On its own, sugar isnít necessarily good or bad. It becomes a concern when you consume foods that are high in calories and added sugar but low in essential nutrients like protein, fiber, vitamins, and minerals. Many everyday foods, beverages, and condiments contain a surprising amount of added sugar without contributing much nutritional value. Cutting back on these sources of excess sugar is a good idea for both your well-being and your waistline.

Step 4: Add resistance training†

Helps you to build more muscle. No you won’t get bulky. Lifting weight helps your body to look tighter and burn more calories at rest. If you are new to resistance training. You’ll want to focus on moving the big muscle groups. Think squats, lunges, push ups and rows.

Start by doing something that you like and start small. The bottom line is that if fat loss is your goal, include some form of resistance training like weightlifting or high-intensity interval training. Aim for a protein intake of 1.5 to 2.0 grams per kilogram per day divided over several meals containing at least 20 grams of high quality protein (10).
Lose the right type of weight during weight loss, which is fat, not muscle.

Want to learn more about fat loss’ Join me in my latest FREE success series #fatlossfundamentals for women over 40 who feel like they always start diets with the best intentions but tend to fall off


  1. Westerterp-Plantenga MS, et al. Dietary protein† its role in satiety, energetics, weight loss and health. Br J Nutr. 2012 Aug;108 Suppl 2:S105-12. doi: 10.1017/S0007114512002589.
  2. Belza A, et al. Contribution of gastroenteropancreatic appetite hormones to protein-induced satiety. Am J Clin Nutr. 2013 Mar 6. [Epub ahead of print]
  3. Hairston KG, Vitolins MZ, Norris JM, Anderson AM, Hanley AJ, Wagenknecht LE. Lifestyle factors and 5-year abdominal fat accumulation in a minority cohort: the IRAS Family Study. Obesity (Silver Spring) 2012;[20:42]1-7.
  4. Res PT, Groen B, Pennings B et al. Protein ingestion before sleep improves postexercise overnight recovery. Med Sci Sports Exerc 2012;[44:15]60-9.
  5. Chaput JP, Tremblay A. Sleeping Habits Predict the Magnitude of Fat Loss in Adults Exposed to Moderate Caloric Restriction. Obes Facts. 2012;[5:56]1-6. DOI: 10.1159/000342054
  6. Markus CR, Olivier B, Panhuysen GE et al. The bovine protein alpha-lactalbumin increases the plasma ratio of tryptophan to the other large neutral amino acids, and in vulnerable subjects raises brain serotonin activity, reduces cortisol concentration, and improves mood under stress. Am J Clin Nutr 2000;[71:15]36-44.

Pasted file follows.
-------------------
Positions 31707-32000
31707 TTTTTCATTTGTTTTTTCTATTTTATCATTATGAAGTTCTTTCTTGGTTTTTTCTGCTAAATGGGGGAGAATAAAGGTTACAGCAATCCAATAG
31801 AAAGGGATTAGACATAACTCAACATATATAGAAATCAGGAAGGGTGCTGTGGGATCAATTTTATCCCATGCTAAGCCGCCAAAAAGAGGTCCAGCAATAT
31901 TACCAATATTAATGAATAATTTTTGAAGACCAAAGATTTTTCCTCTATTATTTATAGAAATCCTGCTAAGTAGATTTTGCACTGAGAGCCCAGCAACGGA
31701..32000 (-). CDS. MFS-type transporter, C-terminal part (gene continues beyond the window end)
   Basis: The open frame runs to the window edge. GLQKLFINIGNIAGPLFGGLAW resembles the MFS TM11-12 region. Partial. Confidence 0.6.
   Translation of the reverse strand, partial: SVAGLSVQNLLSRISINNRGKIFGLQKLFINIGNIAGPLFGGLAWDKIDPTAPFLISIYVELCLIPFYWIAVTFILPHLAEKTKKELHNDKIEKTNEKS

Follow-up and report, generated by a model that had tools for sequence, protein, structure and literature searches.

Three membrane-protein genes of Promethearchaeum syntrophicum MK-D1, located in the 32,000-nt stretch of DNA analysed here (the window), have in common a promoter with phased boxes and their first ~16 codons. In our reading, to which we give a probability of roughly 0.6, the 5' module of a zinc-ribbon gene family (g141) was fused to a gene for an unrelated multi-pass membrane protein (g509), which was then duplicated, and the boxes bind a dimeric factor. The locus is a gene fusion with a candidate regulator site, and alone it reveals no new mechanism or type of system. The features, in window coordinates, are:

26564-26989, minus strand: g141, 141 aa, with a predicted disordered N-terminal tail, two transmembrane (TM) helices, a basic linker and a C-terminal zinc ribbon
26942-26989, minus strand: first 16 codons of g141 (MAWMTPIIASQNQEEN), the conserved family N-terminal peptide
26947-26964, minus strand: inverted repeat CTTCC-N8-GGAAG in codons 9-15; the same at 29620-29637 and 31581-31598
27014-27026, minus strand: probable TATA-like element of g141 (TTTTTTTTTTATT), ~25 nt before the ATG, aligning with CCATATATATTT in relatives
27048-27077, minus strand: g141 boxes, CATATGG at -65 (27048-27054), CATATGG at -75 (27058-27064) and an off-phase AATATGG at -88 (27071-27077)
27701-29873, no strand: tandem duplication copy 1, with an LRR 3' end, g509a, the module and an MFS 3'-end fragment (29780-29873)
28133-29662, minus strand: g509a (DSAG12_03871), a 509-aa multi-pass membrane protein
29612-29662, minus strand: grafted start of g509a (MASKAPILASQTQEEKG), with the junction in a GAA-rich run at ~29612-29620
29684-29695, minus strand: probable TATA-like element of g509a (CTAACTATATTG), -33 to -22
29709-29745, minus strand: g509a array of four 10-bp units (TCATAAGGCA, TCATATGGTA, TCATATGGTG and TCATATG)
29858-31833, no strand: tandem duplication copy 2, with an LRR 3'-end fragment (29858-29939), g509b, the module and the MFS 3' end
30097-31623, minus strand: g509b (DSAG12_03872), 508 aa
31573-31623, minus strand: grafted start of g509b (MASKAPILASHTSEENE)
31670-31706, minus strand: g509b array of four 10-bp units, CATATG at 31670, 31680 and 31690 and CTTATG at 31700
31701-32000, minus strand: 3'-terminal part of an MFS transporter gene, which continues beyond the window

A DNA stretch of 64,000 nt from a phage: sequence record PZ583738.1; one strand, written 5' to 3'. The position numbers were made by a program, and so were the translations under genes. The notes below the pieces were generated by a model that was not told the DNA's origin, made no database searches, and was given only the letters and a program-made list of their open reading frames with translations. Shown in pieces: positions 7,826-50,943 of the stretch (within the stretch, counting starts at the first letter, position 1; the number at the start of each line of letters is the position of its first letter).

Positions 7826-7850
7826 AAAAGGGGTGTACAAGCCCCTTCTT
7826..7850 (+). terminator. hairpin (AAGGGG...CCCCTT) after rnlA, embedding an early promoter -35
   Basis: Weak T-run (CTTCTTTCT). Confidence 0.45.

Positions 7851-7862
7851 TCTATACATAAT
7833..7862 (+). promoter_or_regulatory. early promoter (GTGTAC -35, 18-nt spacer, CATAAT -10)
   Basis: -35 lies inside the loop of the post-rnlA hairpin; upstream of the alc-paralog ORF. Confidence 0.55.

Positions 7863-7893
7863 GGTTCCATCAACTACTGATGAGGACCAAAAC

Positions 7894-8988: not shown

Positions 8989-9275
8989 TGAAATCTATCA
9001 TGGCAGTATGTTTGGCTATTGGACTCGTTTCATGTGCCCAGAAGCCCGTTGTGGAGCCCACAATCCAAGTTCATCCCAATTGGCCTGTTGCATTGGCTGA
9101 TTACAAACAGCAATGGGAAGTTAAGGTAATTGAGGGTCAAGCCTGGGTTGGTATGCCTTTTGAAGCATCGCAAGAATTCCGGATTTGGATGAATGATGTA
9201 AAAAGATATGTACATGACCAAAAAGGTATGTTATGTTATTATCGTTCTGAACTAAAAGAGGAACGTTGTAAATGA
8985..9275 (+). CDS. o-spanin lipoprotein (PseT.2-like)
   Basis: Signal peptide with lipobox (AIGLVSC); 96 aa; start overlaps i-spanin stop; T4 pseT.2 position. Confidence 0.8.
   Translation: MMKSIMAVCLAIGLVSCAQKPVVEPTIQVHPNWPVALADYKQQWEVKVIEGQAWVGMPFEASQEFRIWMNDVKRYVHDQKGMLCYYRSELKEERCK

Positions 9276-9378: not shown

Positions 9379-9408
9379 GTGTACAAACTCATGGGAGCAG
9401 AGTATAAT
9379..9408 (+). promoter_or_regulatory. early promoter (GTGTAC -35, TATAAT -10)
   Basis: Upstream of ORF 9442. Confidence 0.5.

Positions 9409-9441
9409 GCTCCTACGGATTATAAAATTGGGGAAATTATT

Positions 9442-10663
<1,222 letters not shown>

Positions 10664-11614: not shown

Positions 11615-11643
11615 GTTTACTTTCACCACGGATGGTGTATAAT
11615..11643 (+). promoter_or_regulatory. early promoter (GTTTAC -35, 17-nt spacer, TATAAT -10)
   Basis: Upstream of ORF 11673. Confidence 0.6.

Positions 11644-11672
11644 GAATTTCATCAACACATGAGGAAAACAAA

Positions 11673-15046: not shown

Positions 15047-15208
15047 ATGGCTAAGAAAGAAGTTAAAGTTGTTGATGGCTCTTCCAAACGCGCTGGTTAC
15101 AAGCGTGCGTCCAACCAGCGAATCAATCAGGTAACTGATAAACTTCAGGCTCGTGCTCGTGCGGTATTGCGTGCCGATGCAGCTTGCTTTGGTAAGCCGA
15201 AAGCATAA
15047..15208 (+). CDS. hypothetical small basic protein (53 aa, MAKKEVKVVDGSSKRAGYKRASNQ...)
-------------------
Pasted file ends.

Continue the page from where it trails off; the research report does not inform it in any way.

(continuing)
7. Gonzalez JT et al. Effect of calcium intake on fat oxidation in adults: a meta-analysis of randomized, controlled trials. Obesity Reviews 2012; DOI: 10.1111/j.1467-789X.2012.01013.x
  8. Calvin AD, Carter RE, Adachi T, Macedo P, Albuquerque FN, van der Walt C, Bukartyk J, Davison DE, Levine JA, Somers VK. Effects of Experimental Sleep Restriction on Caloric Intake and Activity Energy Expenditure. Chest. 2013 Feb 7. doi: 10.1378/chest.12-2829. [Epub ahead of print]
  9. Chaput JP, Tremblay A. Sleeping Habits Predict the Magnitude of Fat Loss in Adults Exposed to Moderate Caloric Restriction. Obes Facts. 2012;[5:56]1-6. DOI: 10.1159/000342054
  10. Möller-Levet CS, Archer1 SN, Bucca G, Laing EE, Slak A, Kabiljo R, Lo JCY, Santhi N, von Schantz M, Smith CP, Dijk D. Effects of insufficient sleep on circadian rhythmicity and expression amplitude of the human blood transcriptome. PNAS, 2013.
  11. Harvie MN, Pegington M, Mattson MP et al. The effects of intermittent or continuous energy restriction on weight loss and metabolic disease risk markers: a randomized trial in young overweight women. Int J Obes (Lond). 2011;[35:71]4-27.
  12. Varady KA, Hellerstein MK. Alternate-day fasting and chronic disease prevention: a review of human and animal trials. Am J Clin Nutr. 2012.
  13. Ahmad MK, Mahdi AA, Shukla KK et al. Withania somnifera improves semen quality by regulating reproductive hormone levels and oxidative stress in seminal plasma of infertile males. Fertil Steril. 2010;[94:98]9-96.
  14. Krikorian R, Shidler MD, Nash TA et al. Blueberry supplementation improves memory in older adults. J Agric Food Chem. 2010;[58:39]96-4000.